(ofAsterias filiformis O.F. Müller, 1776) Müller, O. F. (1776). Zoologiae Danicae prodromus: seu Animalium Daniae et Norvegiae indigenarum characteres, nomina, et synonyma imprimis popularium. <em>Hafniae, Typiis Hallageriis.</em> 1-274., available online at http://www.biodiversitylibrary.org/item/47550 [details]
(ofAmphiodia ascia Mortensen, 1936) Mortensen, T. (1936). Echinoidea and Ophiuroidea. <em>Discovery Reports.</em> 12: 199-348, pls. 1-9. (iii-1936)., available online at http://www.biodiversitylibrary.org/item/28331#page/215/mode/1up [details]
context source (Deepsea)
Intergovernmental Oceanographic Commission (IOC) of UNESCO. The Ocean Biogeographic Information System (OBIS), available online at http://www.iobis.org/ [details]
basis of record
Hansson, H.G. (2001). Echinodermata, <B><I>in</I></B>: Costello, M.J. <i>et al.</i> (Ed.) (2001). <i>European register of marine species: a check-list of the marine species in Europe and a bibliography of guides to their identification. Collection Patrimoines Naturels,</i>. 50: pp. 336-351. (look up in IMIS) [details]
Southward, E.C.; Campbell, A.C. (2006). [Echinoderms: keys and notes for the identification of British species]. <i>Synopses of the British fauna (new series)</i>, 56. Field Studies Council: Shrewsbury, UK. ISBN 1-85153-269-2. 272 pp. (look up in IMIS) [details]
Muller, Y. (2004). Faune et flore du littoral du Nord, du Pas-de-Calais et de la Belgique: inventaire. [Coastal fauna and flora of the Nord, Pas-de-Calais and Belgium: inventory]. <em>Commission Régionale de Biologie Région Nord Pas-de-Calais: France.</em> 307 pp., available online at http://www.vliz.be/imisdocs/publications/145561.pdf [details]
Dyntaxa. (2013). Swedish Taxonomic Database. Accessed at www.dyntaxa.se [15-01-2013]., available online at http://www.dyntaxa.se [details]
Hansson, H. (2004). North East Atlantic Taxa (NEAT): Nematoda. Internet pdf Ed. Aug 1998., available online at http://www.tmbl.gu.se/libdb/taxon/taxa.html [details] Available for editors
From editor or global species database
Biology This species is luminescent emitting a blue light. [details]
From other sources
Biology The larvae of A. filiformis are found throughout the summer from July to October. A. filiformis belongs to the long-lived species with relatively fast growth in the juvenile stage followed by a much slower growing adult phase. Its life span may be up to 20 years (Mortensen, 1927; Buchanan, 1964; O'Conner et al., 1983; Gage, 1990).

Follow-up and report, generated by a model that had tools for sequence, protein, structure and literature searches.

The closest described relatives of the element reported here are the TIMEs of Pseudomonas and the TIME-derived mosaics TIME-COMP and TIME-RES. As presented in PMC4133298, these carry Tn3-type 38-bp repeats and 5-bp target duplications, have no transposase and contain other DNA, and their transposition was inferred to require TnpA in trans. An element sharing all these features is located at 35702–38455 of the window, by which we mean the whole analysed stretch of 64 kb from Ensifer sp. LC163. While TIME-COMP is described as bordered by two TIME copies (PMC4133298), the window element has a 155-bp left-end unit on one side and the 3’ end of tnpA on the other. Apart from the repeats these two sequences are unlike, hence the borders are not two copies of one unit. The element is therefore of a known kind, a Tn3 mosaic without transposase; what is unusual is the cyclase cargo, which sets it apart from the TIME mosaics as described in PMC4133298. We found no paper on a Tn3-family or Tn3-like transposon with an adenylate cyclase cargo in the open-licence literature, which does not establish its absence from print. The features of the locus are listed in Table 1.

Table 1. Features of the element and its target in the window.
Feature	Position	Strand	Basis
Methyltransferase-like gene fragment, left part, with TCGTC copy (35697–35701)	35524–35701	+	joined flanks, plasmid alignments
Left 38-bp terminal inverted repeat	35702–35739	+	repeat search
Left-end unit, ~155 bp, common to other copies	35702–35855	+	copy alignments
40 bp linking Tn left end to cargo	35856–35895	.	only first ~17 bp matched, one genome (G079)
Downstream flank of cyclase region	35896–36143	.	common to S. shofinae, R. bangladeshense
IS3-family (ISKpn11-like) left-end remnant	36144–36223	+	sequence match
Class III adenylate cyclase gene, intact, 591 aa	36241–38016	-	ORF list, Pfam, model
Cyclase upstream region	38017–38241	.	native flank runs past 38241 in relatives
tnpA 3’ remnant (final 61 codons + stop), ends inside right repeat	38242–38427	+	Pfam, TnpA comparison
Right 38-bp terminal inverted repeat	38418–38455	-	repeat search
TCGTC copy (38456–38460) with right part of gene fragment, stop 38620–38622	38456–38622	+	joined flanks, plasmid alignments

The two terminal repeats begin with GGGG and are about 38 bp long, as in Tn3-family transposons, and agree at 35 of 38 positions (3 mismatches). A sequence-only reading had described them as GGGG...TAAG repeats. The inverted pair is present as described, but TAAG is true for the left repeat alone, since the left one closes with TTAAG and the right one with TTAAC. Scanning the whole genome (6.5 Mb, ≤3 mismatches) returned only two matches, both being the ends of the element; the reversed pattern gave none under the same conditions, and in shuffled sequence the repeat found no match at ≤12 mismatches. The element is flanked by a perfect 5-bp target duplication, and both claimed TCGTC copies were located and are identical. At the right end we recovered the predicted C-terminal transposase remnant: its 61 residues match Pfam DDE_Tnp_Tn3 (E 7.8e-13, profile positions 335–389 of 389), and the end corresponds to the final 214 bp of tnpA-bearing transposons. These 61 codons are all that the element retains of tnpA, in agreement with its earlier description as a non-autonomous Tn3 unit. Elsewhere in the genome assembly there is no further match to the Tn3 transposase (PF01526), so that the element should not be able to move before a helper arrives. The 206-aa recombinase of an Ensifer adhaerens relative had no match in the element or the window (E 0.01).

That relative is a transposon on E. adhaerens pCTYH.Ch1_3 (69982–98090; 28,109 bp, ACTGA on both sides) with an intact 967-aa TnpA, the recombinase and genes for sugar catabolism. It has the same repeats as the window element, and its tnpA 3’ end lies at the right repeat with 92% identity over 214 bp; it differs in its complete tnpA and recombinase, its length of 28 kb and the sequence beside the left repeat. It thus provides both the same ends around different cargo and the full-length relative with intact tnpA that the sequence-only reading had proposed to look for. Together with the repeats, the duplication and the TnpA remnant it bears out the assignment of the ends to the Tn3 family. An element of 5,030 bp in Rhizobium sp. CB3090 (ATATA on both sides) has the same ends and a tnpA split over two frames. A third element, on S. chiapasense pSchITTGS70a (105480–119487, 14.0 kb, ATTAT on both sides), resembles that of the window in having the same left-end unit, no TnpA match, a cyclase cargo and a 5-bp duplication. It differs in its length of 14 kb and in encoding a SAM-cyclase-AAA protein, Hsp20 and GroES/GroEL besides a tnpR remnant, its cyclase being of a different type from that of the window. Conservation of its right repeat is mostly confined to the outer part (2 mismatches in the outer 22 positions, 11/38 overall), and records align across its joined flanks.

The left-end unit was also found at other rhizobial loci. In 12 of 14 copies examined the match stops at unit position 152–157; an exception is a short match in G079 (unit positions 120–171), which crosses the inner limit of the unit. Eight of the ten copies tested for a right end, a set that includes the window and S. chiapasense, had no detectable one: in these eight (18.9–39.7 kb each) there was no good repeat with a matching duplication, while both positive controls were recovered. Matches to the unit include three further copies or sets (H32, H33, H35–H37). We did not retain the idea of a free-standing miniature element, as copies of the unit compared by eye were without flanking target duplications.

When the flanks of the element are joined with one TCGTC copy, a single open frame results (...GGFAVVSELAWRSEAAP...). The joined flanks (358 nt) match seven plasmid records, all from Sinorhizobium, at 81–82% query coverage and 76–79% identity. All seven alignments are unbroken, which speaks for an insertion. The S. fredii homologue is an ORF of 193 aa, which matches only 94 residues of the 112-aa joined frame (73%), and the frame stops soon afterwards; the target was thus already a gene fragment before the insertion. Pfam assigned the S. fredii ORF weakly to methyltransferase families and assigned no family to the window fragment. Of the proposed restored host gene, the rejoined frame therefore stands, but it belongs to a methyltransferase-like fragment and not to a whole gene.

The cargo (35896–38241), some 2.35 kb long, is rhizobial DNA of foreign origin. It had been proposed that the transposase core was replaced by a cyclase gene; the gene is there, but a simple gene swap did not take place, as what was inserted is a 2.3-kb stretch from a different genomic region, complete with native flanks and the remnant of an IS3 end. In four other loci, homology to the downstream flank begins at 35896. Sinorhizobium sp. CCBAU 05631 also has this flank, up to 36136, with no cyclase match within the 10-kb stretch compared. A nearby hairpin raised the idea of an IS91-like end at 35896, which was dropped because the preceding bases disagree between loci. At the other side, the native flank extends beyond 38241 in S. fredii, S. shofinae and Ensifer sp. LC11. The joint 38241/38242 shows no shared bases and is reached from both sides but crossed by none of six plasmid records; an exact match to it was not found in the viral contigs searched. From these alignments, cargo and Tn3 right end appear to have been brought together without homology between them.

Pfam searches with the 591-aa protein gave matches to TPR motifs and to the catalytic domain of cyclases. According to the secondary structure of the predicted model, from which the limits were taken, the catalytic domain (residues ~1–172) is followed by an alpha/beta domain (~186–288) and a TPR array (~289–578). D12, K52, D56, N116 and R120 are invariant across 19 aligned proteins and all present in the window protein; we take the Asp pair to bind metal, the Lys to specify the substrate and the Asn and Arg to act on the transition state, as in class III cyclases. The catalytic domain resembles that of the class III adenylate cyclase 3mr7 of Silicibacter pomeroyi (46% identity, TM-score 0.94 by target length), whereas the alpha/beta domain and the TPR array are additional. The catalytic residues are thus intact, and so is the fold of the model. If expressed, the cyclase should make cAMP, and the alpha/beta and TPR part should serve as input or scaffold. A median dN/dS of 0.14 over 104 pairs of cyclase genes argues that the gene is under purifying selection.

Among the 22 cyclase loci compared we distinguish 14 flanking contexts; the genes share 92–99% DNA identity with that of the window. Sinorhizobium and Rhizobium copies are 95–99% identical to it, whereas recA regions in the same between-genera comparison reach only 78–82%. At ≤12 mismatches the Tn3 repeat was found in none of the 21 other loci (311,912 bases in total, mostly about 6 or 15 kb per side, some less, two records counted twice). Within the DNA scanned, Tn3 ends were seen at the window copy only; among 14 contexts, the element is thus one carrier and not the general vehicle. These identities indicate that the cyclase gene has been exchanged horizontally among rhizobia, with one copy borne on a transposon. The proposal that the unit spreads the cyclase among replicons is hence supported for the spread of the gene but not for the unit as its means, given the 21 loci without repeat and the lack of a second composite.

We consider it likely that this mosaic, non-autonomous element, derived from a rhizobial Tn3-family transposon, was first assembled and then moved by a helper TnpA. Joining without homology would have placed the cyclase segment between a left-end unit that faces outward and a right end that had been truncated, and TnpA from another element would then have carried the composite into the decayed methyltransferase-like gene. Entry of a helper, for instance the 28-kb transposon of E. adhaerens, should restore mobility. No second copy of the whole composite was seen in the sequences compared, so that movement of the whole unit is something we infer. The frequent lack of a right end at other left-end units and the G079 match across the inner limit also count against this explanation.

A. filiformis burrows about 5 cm into the substrate. The species must reach a certain size to be able to burrow down into the sediment for it must, using its serpentine arms, keep contact with the sediment surface (O'Conner et al., 1983; Gage, 1990). The arms of the brittle star have three main functions: ventilation and respiration, transport of sediment and waste materials out of the burrow, and collection and transport of food (Ockelmann & Muus, 1978).
A. filiformis is a suspension feeder, collecting mixed micro-plankton, resuspended bottom material and detritus. The animals extend their arms into the surrounding water, filtering part [details]
Breeding Ophiopluteus larva. Summer [details]
Distribution From 5 to more than 200 m depth, in muddy sand or mud, all round the British Isles, except, possibly, the southeast [details]
Distribution A. filiformis is very abundant in the area of the Oyster Ground, north of the 30 m isobath, with the highest biomass in the western part of the Frisian Front area. The species is not present in the sandy Southern Bight and is scarce at the Dogger Bank.
In the Dutch sector of the North Sea A. filiformis lives in very fine sand with a mean mud content of 11 %. This is in agreement with other investigations, which found high-density populations in muddy deposits (Buchanan, 1964; Woodley,1975; O'Conner et al., 1983; Gage, 1990; Hayward & Ryland, 1990). [details]
Morphology The disk of A. filiformis is covered with scales on the dorsal side only, leaving the ventral side naked. The diameter of disk can be up to 8-10 mm. The long, fine arms are about ten times longer than the diameter of the disk. lts colour is reddish- or greyish-brown (Mortensen, 1927; Southward, 1972; Hayward & Ryland, 1990). [details]